After the recent sharing of a GEITP report about a bird’s beak “evolving” to become longer –– to accommodate decades of birdfeeders in the gardens of England –– here is another example of “Evolution in Action.” The Escherichia coli long-term evolution experiment (LTEE) is the longest running bacterial evolution experiment, including 12 replicate populations of E. coli serially propagated for more than 60,000 generations. Michael Desai, Richard Lenski et al. now report whole-genome sequencing (WGS) at 500-generation intervals over the course of the 60,000 generations from the LTEE. Their analyses reveal a complex and dynamic evolutionary process of long-term bacterial adaptation in this controlled environment, and include findings on clonal inference, “genetic drift,” and shifting targets of selection.
Evolutionary adaptation is driven by the accumulation of mutations, but the temporal dynamics of this process are difficult to observe directly. Recently, time-resolved sequencing of microbial evolution experiments, viral and bacterial infections, and cancers has begun to illuminate this process. These studies reveal complex dynamics, characterized by rapid adaptation, competition between beneficial mutations, diminishing-returns epistasis (gene-gene interactions), and extensive genetic parallelism. These forces can alter patterns of polymorphism and influence which mutations ultimately become fixed. However, it is unclear whether these dynamics are general, or, instead, reflect the short time-scales and novel environmental conditions of previous studies.
To address this question, authors [see attached report] turned to an experiment with the longest frozen ‘fossil record’: the E. coli LTEE. The twelve LTEE populations have been serially propagated in the same type of medium for more than 60,000 generations, with samples preserved every 500 generations. Previous work has shown that the competitive fitness of each population continues to increase through 60,000 generations, despite a decline in the rate of improvement. The genome sequences of evolved clones have shown that these fitness gains are accompanied by steady accumulation of mutations. Parallel genetic changes across replicate populations suggest that there is a common pool of adaptive mutations that has yet to be exhausted in any single population.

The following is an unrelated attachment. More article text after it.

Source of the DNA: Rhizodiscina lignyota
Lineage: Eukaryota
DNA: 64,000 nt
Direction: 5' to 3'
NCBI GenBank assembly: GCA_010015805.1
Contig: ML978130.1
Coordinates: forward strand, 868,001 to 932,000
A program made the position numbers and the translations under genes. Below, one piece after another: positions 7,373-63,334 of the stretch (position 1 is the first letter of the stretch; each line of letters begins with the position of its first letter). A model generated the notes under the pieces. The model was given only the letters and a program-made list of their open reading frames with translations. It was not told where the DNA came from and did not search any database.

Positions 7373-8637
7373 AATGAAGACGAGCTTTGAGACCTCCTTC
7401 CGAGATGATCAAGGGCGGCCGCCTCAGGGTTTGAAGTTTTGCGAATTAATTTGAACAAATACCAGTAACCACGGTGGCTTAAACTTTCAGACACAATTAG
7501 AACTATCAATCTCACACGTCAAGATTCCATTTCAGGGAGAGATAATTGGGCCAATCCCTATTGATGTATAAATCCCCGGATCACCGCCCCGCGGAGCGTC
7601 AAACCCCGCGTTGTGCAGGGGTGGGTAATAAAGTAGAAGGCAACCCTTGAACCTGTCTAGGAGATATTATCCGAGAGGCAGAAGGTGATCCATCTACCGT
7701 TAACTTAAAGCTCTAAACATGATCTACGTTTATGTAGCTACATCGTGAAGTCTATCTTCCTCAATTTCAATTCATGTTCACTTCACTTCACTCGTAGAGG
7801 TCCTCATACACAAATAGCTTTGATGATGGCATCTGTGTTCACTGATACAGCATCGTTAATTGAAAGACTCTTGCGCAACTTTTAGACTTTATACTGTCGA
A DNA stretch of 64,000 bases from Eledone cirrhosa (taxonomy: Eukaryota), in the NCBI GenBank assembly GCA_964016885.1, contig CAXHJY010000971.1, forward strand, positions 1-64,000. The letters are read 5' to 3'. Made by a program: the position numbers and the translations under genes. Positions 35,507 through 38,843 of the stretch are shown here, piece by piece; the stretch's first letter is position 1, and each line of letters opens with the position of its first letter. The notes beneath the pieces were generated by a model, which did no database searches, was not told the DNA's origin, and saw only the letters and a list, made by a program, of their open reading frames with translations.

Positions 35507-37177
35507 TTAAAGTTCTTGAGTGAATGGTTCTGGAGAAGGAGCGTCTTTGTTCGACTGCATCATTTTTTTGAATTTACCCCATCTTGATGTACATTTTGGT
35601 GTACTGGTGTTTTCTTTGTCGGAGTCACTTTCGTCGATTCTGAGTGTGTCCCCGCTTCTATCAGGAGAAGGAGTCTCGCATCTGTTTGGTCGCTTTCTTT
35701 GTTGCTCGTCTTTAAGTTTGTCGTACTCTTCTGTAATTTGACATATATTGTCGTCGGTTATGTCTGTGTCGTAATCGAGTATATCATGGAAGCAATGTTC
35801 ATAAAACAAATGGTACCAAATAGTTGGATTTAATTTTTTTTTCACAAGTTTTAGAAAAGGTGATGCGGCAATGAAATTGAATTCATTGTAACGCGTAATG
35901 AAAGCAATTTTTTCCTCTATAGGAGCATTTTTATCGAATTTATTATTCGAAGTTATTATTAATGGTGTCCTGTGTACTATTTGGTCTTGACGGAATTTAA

The outcomes of evolution are determined by a stochastic (randomly determined) dynamical process that governs how mutations arise and how they spread through a population.
Although the rate of fitness gain –– during these sixty thousand generations –– declines over time, molecular evolution is characterized by signatures of rapid adaptation throughout the duration of the experiment, with multiple beneficial variants simultaneously competing for dominance in each population. Interactions between ecological and evolutionary processes play an important role, as long-term quasi-stable coexistence arises spontaneously in most populations, and evolution continues within each clade. Authors also provide evidence that the targets of natural selection change over time, as epistasis and historical contingency alter the strength of selection on different genes. Together, these incredible results show that long-term adaptation to a constant environment can be a more complex and dynamic process than is often assumed..!!
Nature 2 Nov 2o17; 551: 45–50